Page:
Trip up: 30 July-1 August 2017
Our trip to Hoodoo Mtn volcano in 2017 was a long, complex but beautiful and interesting journey! Two members of the expedition (Will K and myself) flew in to Vancouver BC to load up on field gear for the trip. We were worried about the drive up, because BC is having a horrendous fire year and those blazes have closed several of the roads that cross center BC. The trip started perfectly though, with a gorgeous view of Mt. Baker volcano, in northern Washington State, which is clearly visible driving out of the Vancouver area on Hwy 1.
After checking DriveBC, we thought we could take Hwy 97 north from Hope BC to Prince George, but just outside of Cache Creek we were stopped by a police car across the road and instructed that the Clinton fire had flared, and we would have to detour.
We didn’t get close enough to see flames, but we saw plenty of smoke on the detour around to Kamloops and through Clearwater on Hwy 5, which is a scenic route along the western edge of the Canadian Rockies that also ends up in Prince George. It includes a view of Terry Fox Mountain, named for the heroic Terry Fox, who, after losing one leg to cancer. attempted to run on his prosthetic leg across Canada. While he didn’t complete the trip, cancer returned partway through the run, he completed over 3339 miles in 143 days (essentially running a marathon every single day) and he story is incredible http://www.terryfox.org/terrys-story/marathon-of-hope/(http://www.terryfox.org/terrys-story/marathon-of-hope/). I’ve run in 3 Terry Fox runs so far, and am lining up more for Sept 2017 with fellow Canadianologist Kevin Bixby.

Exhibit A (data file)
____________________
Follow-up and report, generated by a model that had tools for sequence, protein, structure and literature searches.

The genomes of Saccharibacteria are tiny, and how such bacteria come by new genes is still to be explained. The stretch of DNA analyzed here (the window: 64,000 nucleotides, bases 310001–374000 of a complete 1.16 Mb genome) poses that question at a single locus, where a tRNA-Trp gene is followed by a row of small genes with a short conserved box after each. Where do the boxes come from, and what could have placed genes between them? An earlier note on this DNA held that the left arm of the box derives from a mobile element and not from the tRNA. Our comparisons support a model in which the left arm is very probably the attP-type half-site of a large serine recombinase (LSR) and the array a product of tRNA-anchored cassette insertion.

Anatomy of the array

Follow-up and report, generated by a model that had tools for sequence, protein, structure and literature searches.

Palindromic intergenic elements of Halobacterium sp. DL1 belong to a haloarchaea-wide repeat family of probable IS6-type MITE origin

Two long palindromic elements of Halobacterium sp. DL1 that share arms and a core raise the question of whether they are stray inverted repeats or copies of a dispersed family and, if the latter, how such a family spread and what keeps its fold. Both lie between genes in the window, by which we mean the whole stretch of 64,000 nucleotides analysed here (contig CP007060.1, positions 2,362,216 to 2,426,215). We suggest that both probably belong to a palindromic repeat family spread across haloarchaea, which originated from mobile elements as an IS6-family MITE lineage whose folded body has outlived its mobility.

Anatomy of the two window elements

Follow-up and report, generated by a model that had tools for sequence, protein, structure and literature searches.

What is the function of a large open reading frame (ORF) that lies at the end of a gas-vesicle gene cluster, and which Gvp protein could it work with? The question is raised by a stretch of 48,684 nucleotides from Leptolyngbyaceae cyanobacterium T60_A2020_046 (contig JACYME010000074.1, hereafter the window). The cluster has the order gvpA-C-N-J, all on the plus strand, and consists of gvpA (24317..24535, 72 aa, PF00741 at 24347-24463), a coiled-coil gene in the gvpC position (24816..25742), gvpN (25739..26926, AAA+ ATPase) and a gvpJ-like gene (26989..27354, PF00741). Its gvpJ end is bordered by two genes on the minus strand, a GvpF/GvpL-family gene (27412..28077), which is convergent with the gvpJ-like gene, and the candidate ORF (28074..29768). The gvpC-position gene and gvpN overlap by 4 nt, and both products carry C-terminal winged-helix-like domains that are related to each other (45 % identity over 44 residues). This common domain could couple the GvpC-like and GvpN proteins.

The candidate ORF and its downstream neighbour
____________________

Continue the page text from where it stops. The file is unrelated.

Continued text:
Once you get to Smithers, about 4 hrs west of Prince George, it feels like you are back in wild BC. Bears abound along the roads (we saw a total of 30 black bears along roads on the trip up and back),
along with the occasional moose, fox, coyote, lynx or very rarely a brown/grizzly bear.
The geology is pretty spectacular too. Driving around Terrace BC, you are in the Coast Plutonic Complex, which is the guts of a volcanic arc formed by collision and subduction of the Farallon tectonic plate into and underneath the North America plate during much of the Cenozoic Era (last 65 million years of Earth’s history). Magma intruded into the crust is evident everywhere, and spectacular displays of magma-filled cracks called ‘dykes’ or ‘dikes’ are visible along many roads.
One of the most perplexing sites is the shrinkage of ice that is visible along roads, in particular the side road from Hwy 37 to Stewart BC (Hwy 37A). This road is one you should not miss! It is one of the most spectacular drives in North America, with astounding waterfalls free falling down the vertical walls of the valley, and close-up views of glaciers, like Bear Glacier. I’ve seen the Bear maybe 7-8 times in the past 25 years, and it has been shocking to see how fast the ice is retreating up into the hills. Views on trips with Dickinson students from 2003 and this year (2017) give a sense of how much ice has disappeared in the past 14 years. The end of the glacier has lost its last bend, and now its end (terminus) doesn’t even reach the edge of its terminus lake.
We made Stewart our last overnight stay before heading north for the laydown and helicopter pickup site. Always a welcome last spot for dinner, and a quick visit to Hyder Alaska, which is the furthest south point in Alaska to which you can drive…